Keeping The Starter Engaged

The good news is that newer design starters don’t need any preventive maintenance. If the starter has permanent magnets, as do all lightweight starters, there’s no requirement or even recommendation for preventive maintenance. Rich Chaffee, general manager of Sky-Tec, put it bluntly, Just use it.

Bill Bainbridge, owner of B & C Specialties, the company that made the first lightweight aircraft starters, told us that his starters do not have permanent magnets, but do not need preventive maintenance.

If you have a heavyweight starter, it has brushes that wear and can break due to vibration. John Evans, who runs Aerotech of Louisville, a company that specializes in overhaul and repair of starters, told us that he recommends pulling a heavyweight starter every other annual and going through it to check on the condition of the components. He also recommends having the prop balanced on aircraft with heavyweight starters. Hes observed that doing so reduces vibration and improves their life.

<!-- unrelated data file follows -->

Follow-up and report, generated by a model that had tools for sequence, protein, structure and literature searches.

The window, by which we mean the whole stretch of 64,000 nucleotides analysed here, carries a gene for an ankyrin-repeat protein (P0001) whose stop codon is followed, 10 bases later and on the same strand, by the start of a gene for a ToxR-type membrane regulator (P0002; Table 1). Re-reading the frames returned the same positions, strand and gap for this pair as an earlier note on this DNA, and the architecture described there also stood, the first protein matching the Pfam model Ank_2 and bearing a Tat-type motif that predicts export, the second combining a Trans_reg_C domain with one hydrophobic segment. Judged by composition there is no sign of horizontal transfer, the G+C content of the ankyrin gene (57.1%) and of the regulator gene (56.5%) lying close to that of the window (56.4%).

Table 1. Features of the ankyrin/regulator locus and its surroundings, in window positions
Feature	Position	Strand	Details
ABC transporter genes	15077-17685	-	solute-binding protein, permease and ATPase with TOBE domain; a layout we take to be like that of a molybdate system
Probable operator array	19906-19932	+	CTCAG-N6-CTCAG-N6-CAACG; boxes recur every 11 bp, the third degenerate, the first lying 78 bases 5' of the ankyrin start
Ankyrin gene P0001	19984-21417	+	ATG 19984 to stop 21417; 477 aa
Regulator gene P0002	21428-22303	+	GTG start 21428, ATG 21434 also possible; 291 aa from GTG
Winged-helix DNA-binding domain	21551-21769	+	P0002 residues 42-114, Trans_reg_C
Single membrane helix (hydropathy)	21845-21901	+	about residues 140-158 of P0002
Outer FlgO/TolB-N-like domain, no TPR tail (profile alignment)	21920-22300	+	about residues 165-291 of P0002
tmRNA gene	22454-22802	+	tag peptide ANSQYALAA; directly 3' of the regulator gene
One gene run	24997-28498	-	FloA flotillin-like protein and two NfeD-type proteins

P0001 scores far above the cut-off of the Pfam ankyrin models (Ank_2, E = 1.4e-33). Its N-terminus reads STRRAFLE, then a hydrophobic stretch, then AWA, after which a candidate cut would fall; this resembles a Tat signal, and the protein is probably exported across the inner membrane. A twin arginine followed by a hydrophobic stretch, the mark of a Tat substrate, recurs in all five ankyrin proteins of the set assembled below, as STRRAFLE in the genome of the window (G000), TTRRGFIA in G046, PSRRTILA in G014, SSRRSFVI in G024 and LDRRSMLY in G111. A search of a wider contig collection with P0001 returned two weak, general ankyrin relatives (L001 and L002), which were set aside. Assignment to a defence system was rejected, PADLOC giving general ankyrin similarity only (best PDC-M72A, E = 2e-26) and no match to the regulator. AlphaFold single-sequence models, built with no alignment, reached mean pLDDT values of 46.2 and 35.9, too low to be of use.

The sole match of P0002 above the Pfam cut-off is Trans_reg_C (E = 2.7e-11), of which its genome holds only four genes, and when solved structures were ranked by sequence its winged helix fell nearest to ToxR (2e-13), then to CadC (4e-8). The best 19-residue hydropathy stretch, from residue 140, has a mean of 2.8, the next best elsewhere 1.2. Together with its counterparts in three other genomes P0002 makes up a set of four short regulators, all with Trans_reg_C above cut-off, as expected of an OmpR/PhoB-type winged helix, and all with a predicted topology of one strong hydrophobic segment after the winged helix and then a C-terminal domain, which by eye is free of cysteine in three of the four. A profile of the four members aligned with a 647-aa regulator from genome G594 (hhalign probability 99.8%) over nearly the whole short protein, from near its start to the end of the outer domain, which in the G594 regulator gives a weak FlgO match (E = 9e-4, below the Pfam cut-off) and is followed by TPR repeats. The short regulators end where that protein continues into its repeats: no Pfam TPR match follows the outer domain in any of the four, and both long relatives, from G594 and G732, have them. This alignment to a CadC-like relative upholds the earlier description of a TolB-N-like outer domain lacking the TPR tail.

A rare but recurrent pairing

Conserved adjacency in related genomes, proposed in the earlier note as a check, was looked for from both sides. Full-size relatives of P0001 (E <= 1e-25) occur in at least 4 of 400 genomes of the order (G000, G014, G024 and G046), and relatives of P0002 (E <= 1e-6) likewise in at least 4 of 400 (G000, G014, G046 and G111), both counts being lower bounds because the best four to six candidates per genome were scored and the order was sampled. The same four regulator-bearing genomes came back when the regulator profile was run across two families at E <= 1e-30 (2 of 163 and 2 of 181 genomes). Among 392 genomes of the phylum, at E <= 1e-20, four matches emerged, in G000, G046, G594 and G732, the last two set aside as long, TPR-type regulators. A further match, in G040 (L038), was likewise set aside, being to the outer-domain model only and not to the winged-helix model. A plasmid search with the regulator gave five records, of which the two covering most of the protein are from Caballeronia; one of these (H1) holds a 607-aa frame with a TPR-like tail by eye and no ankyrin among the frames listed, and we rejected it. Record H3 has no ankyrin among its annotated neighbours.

Lycoming starters that use a Bendix drive to engage the engine flywheel have a frustrating tendency for the Bendix drive to not actually engage the flywheel, unless preventive maintenance is performed. The starter simply whirs while the prop remains stationary and the pilot steams. Its most common on airplanes that don’t fly regularly-allowing corrosion to develop on the steel shaft on which the Bendix drive moves, causing the drive to hang up. Those Bendix drives should be sprayed with dry silicon lubricant every 25 hours. It is also recommended that on those with brushes instead of permanent magnets, that the brushes be inspected every 100 hours.

When out in the boonies and a Bendix drive refuses to engage, shutting everything off, taking the key out of the ignition, getting out of the airplane and using something solid to tap on the cup around the drive has been known to free it.

Experienced pilots operating starters that sometimes have the Bendix drive hang up use a bush technique that takes advantage of the design of the drive to assure it will engage on the next start.
The Bendix drive is designed so that once it engages the engine flywheel, it will not disengage until the engine starts. Pilots who are concerned about the next start take an extra step after a normal post-flight shutdown: With the mixture at idle cutoff, they briefly-very briefly-hit the starter. The drive is normally nice and warm and will move freely because of the vibration of the just-concluded flight.
The Bendix will usually do its thing and engage the engine flywheel. Because the pilot only briefly activated the starter, the prop will barely move and the engine will not start. The starter is, however, now engaged to the engine flywheel and ready to turn the engine over when its time for the next flight.